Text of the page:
I saw David Fincher’s The Girl with the Dragon Tattoo for the first time earlier this year and was quite underwhelmed by it. I read the book a while ago, and I’m a fan of Fincher’s work – especially Se7en, Zodiac and Mindhunter – so I’d been looking forward to finally seeing his adaptation. But it really stuck with me.
This is not a case of the book being better than the movie. Stieg Larsson’s book is not a classic. It’s a slightly cute airport bestseller. But knowing where everything is going takes much of the suspense out of a mystery, even when it’s classed with Fincher’s impeccable direction. This is the same reason I’ve avoided reading Fire & Blood, despite loving House of the Dragon. I’d rather see the story unfold dramatically on screen and then turn to the book for more background, than read a synopsis version of the story and go into the series knowing where it’s going.
My experience with TGWTDT only served to reinforce my (perhaps somewhat counterintuitive) belief that you should basically always watch the movie before reading the book. I first started thinking this way in high school. I went to see Twilight my freshman year, and ended up reading the books because a girl I liked was a fan of them.
Twilight, like The Girl with the Dragon Tattoo, is not an all-time great. But reading it after I had seen the movie was a fun experience. I remember sprawled out on the sofa in my parents’ basement with the lights dimly on, working my way through Stephanie Meyer’s first novel. I read it in the fall, which suited the somber mood of the book’s Forks, WA setting nicely.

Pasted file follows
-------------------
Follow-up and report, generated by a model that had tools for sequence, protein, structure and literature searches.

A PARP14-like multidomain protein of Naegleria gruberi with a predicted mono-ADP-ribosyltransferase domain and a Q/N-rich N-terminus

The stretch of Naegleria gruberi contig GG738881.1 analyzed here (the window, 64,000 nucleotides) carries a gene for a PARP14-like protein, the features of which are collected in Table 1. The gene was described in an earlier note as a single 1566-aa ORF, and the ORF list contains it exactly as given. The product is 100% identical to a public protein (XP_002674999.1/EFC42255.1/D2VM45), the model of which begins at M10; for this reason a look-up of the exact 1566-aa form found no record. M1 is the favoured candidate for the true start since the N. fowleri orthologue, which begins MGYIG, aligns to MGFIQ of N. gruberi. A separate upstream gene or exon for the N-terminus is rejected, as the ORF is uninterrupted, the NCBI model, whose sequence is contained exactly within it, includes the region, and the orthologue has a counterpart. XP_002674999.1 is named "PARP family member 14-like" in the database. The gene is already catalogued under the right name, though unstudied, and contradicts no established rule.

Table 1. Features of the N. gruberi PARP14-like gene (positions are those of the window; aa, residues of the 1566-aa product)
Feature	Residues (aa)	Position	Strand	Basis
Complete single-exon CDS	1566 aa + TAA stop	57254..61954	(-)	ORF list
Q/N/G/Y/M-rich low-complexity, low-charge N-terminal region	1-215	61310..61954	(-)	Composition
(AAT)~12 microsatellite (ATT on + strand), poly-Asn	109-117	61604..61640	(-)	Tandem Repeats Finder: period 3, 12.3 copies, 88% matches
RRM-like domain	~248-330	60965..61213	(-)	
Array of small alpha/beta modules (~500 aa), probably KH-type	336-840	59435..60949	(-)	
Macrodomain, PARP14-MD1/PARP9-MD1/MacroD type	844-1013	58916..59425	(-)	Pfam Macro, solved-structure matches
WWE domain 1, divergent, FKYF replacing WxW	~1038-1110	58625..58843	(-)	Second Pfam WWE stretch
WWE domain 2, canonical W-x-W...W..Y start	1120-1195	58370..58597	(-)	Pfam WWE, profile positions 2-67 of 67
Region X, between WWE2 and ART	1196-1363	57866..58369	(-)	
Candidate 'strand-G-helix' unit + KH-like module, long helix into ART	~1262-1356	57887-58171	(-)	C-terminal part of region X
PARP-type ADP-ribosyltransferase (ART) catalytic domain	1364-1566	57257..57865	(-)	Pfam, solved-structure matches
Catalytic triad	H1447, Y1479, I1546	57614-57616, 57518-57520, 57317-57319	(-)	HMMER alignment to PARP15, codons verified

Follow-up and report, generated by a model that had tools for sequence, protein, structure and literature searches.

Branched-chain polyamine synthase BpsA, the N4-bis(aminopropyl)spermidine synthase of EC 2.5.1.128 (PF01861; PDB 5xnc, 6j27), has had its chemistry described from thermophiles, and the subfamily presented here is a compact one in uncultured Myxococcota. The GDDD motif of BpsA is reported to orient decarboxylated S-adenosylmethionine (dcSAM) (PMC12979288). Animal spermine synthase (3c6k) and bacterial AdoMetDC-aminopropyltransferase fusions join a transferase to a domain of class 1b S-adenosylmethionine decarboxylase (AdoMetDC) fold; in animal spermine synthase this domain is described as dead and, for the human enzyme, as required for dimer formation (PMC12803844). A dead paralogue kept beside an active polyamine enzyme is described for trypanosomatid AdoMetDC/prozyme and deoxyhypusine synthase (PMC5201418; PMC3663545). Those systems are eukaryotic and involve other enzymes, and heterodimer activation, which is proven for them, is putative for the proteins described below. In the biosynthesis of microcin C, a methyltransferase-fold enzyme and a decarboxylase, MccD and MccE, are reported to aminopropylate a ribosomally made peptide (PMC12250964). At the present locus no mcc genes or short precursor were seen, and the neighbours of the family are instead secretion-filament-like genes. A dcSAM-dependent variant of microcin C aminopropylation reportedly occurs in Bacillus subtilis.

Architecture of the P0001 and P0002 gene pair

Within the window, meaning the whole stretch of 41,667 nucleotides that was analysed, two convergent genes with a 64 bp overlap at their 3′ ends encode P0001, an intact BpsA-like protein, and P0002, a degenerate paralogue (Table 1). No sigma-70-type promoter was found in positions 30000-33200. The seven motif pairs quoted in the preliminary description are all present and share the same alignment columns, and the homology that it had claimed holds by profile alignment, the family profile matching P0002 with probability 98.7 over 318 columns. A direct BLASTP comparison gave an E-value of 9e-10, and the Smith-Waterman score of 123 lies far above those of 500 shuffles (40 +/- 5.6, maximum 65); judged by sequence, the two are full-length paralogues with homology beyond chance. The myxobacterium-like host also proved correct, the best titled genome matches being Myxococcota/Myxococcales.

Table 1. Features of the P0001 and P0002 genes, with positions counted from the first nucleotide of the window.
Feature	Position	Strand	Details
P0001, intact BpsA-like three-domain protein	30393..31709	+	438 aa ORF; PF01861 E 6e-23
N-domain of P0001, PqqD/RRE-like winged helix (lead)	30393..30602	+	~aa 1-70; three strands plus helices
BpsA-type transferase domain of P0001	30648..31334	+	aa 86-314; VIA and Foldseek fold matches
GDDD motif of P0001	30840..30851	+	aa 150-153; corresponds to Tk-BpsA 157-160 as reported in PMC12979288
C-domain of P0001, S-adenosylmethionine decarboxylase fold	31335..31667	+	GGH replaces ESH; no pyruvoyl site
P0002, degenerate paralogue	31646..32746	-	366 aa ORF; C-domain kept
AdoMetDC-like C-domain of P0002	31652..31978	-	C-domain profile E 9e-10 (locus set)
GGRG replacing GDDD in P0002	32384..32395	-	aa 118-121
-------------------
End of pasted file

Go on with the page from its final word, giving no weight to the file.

When you watch a movie after reading the book, it’s easy to notice what’s missing. Screenplays are usually quite short compared to novels. The general rule of thumb is that one page of script usually equals about one minute of screen time. So a two-hour film is usually the result of a 120-page script. But it is extremely short in book form, closer to a short story than a novel.
As a result, when books are adapted for the screen, details are inevitably left out. Which means that when fans of a book go to see the movie adaptation, they’re often let down because things they liked have been cut. How often have you heard Lord of the Rings fans complain about the absence of Tom Bombadil in Peter Jackson’s films? But movies and books are radically different narrative mediums, which means that the small, character-building but ultimately unnecessary beats that work well in a novel have to be removed to make it work as a movie. On the flip side, when you see the movie and then read the book, you get more, not less. More story, more character details, more of the protagonist’s inner thoughts.
Plus, there’s the added bonus of letting your imagination run wild with the cheat code to know what all the characters and settings look like. When I read The Hunger Games after watching the movie, I could perfectly picture Katniss, Peeta and the forested arena where they spend most of the book trying to survive.
Most importantly, reading a book is a much bigger time commitment than watching a movie. In that way, a film can be a helpful primer, which tells you whether the book is something you want to invest time in before you set aside time to read it. However, writers don’t want you to know this. Writers hate this one weird hack!
NEXT: House Of The Dragon’s Table Balls is my favorite bit of world building